Archbishop welcomes federal actions on housing, hunger as pandemic continues

Archbishop welcomes federal actions on housing, hunger as pandemic continues

A homeless encampment is seen near the U.S. Capitol in Washington Jan. 19, 2021. (Credit: Tyler Orsburn/CNS.)

The chairman of the U.S. bishops' domestic policy committee welcomed the extension of the federal eviction moratorium and an increase in nutrition assistance to families struggling through the coronavirus pandemic.

WASHINGTON, D.C. — The chairman of the U.S. bishops’ domestic policy committee welcomed the extension of the federal eviction moratorium and an increase in nutrition assistance to families struggling through the coronavirus pandemic.

Archbishop Paul S. Coakley of Oklahoma City, who chairs the Committee on Domestic Justice and Human Development, said Jan. 27 that the steps by the incoming President Joe Biden administration were necessary for anyone experiencing hardship as the pandemic continues.

The Centers for Disease Control announced Jan. 20 that it was extending its order temporarily halting residential evictions until at least March 31.

On Jan. 22, the Department of Agriculture announced a 15 percent increase in food stamp benefits at least through June under the coronavirus aid package passed by Congress in late December.

About 29 million people, including as many as 12 million children, live in households struggling to afford food, the department said.

“The extension of the CDC’s eviction moratorium is a positive step toward ensuring housing stability and keeping our communities safe,” Coakley said in a statement released by the U.S. Conference of Catholic Bishops.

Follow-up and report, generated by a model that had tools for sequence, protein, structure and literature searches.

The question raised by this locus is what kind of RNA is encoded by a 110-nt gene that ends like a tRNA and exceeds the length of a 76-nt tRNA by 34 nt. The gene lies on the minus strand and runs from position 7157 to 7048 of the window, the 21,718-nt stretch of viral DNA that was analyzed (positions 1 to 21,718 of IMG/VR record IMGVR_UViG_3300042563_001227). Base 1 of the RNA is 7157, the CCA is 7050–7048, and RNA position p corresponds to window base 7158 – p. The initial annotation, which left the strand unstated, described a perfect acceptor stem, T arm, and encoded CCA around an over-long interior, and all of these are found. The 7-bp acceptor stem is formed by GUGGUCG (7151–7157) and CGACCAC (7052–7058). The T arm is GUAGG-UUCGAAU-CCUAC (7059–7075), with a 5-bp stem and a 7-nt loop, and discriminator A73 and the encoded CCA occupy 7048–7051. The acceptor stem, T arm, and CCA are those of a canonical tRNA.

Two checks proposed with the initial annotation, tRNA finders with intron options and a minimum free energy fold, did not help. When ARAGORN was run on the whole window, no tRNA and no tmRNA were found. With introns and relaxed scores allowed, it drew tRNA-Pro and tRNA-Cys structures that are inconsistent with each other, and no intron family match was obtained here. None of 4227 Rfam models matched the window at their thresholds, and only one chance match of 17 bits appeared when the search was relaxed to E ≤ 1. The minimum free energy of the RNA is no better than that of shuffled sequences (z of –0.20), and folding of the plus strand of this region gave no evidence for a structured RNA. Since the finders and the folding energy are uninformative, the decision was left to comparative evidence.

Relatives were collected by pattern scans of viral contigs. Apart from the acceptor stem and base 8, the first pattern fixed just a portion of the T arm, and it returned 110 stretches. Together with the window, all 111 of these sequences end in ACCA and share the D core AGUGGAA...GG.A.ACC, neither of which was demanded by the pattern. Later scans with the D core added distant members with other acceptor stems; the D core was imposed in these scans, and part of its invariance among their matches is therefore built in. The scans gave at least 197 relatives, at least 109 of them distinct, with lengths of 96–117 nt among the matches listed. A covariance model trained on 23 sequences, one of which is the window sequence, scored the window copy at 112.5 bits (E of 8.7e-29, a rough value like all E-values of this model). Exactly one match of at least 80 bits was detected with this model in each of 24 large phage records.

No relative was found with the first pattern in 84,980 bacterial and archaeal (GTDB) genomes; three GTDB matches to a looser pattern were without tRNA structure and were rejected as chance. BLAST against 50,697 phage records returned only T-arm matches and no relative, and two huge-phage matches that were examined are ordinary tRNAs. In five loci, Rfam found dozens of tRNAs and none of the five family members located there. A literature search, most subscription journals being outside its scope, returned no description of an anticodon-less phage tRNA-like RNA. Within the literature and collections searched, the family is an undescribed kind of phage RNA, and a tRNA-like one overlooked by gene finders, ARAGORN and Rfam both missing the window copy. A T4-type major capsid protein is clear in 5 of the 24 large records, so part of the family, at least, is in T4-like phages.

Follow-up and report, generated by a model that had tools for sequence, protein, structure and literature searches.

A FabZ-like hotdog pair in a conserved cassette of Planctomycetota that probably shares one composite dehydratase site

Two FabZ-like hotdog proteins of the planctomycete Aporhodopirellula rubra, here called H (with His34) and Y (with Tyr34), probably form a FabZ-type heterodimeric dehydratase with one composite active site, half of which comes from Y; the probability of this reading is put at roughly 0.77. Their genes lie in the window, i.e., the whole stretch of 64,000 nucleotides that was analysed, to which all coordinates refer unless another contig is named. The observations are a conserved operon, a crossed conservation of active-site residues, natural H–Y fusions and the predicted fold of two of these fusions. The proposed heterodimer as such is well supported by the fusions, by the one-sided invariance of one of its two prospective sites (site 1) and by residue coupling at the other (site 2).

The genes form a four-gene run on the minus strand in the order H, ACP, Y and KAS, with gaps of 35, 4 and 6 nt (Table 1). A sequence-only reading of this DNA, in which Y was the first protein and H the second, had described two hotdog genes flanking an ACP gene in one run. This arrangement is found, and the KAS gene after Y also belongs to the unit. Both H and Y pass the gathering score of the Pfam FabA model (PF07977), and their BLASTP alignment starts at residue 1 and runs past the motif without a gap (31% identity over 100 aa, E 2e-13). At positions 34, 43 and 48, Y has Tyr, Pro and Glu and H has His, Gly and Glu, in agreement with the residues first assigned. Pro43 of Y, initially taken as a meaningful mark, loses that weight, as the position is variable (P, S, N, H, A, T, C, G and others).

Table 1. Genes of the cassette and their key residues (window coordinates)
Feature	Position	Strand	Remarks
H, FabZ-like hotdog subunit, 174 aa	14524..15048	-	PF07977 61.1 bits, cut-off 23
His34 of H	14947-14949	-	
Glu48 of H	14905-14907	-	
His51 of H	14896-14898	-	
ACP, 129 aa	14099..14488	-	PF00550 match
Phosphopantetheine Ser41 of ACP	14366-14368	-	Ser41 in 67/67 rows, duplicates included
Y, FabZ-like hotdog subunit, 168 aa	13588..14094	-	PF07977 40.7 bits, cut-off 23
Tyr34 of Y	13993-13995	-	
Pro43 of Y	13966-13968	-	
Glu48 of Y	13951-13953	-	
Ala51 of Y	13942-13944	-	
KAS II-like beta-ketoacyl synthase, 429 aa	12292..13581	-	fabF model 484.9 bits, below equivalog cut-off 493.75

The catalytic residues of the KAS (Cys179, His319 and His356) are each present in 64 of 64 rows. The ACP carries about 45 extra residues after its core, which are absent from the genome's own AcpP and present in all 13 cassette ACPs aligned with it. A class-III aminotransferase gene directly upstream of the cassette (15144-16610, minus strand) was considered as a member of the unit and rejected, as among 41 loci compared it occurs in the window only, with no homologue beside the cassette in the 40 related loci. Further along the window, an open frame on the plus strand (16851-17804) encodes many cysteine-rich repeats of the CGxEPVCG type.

“Tens of millions are behind on rent payments and would be vulnerable to losing their homes without this protection. It would be detrimental to the well-being of all if more people became homeless in the midst of this public health crisis,” he said.

The boost in food stamp benefits addresses “the unprecedented levels of hunger among children” and will aid all people who are most at risk of hunger,” the archbishop added.

“These actions demonstrate a strong commitment to those in need,” he said.

“In our ongoing advocacy with Congress on COVID-19 relief, we have constantly emphasized that adequate nutrition and decent housing are basic rights under Catholic social teaching,” Coakley said.

“These rights require action,” he added. “We continue to call on our government to pursue the common good and prioritize the poor and vulnerable during this challenging time.”

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